Projections: Hemp Supply Increase Threatens Future Margins

Biomass prices have already declined as much as 40% since April 2019.

America’s industrial hemp industry exploded this year after federal legalization in 2018. As in any new industry, there is significant uncertainty and volatility in wholesale prices, making attempts to value the U.S. hemp market difficult. But after speaking with state officials and market participants across the country, Hemp Benchmarks was able to generate six months of price assessments for CBD-rich hemp biomass, several forms of extracted CBD and other hemp products.

We have also formulated estimates of the volume of 2019’s hemp crop, its potential market value and the amount and value of crude CBD oil that could be generated from it. However, the estimated value may not hold up against the dramatic supply increase expected after the harvest. Our data already shows significant price erosion for many hemp product categories even before harvest.

Hemp Benchmarks estimates that 2019’s harvest will produce between 98 and 122 million pounds of CBD-rich biomass suitable for extraction. We value that amount of product at between $2.1 billion and $2.7 billion, based on assumptions of an average CBD potency of 8% and a wholesale price of $2.72 / %CBD / pound, our average rate for biomass in September.

If prices erode, as many expect them to, the value of the biomass harvested this year will, of course, decrease. We already have observed biomass prices decline by 20% to 40% from April to September 2019, depending on transaction volume.

In producing CBD products, the first step is the extraction of crude CBD oil from hemp biomass. Based on our conversations with hemp processors, we estimate that between 1.96 and 2.44 million kilograms of crude CBD oil could be generated from the amount of biomass stated above. At September’s assessed price of $1,737 per pound, that amount of crude CBD oil would be worth between $3.4 billion and $4.2 billion.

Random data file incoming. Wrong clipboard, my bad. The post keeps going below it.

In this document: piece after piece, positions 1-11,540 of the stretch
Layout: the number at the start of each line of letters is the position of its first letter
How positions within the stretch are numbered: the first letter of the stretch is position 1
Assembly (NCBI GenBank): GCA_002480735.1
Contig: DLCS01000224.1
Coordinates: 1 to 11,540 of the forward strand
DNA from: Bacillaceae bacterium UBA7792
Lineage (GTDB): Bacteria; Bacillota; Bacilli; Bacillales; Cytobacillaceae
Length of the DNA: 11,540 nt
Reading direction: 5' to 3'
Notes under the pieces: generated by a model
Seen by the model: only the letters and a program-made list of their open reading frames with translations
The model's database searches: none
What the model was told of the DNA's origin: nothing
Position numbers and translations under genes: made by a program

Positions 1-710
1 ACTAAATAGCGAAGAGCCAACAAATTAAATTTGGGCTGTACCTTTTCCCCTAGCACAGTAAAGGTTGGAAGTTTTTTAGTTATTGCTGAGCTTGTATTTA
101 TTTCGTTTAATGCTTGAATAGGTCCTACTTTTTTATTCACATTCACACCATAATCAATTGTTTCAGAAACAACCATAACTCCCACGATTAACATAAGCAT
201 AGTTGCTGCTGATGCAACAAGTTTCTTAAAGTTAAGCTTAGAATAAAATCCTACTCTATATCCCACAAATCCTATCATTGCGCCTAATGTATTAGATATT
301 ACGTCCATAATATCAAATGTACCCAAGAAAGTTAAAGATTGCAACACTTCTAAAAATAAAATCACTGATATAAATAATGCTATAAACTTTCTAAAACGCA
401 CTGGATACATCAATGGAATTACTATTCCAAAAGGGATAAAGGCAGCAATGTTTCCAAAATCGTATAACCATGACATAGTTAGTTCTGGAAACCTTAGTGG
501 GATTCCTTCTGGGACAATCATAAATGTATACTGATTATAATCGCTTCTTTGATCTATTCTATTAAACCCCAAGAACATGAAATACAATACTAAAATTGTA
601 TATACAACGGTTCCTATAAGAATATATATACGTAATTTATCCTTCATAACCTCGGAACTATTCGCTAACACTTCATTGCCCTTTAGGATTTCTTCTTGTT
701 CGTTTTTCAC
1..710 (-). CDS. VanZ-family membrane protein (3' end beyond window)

Like biomass prices, rates for crude CBD oil have already eroded by large margins since we began reporting on it. September’s price for crude is down by 63% from April’s price of $4,661 per kilogram.

Crude CBD oil can then be used to generate refined hemp oil, which includes full-spectrum distillate and broad-spectrum (or THC-free) distillate, as well as CBD isolate. Prices for refined hemp oil and CBD isolate have also plummeted through the spring and summer months, with CBD isolate prices being hit the hardest.

Finally, there are questions as to whether the U.S. has sufficient infrastructure to dry and process the biomass from this year’s harvest. If not, it is possible that significant portions of the biomass could go to waste, reducing the potential value of the market, which would in turn cause contractions in the amount of CBD products that can be manufactured. This is all notwithstanding the downturn in wholesale prices that many market participants expect regardless.

Many are bullish on the industrial hemp and CBD markets, and not without reason. However, as our six months of assessing prices and reporting on the young U.S. hemp industry has shown, significant price erosion and a supply chain that is still under construction could seriously dent some of the sky-high market valuations that have been put forward.

Adam Koh is editorial director for Cannabis Benchmarks and Hemp Benchmarks.

November 2019
Explore the November 2019 Issue

Check out more from this issue and find you next story to read.

Share This Content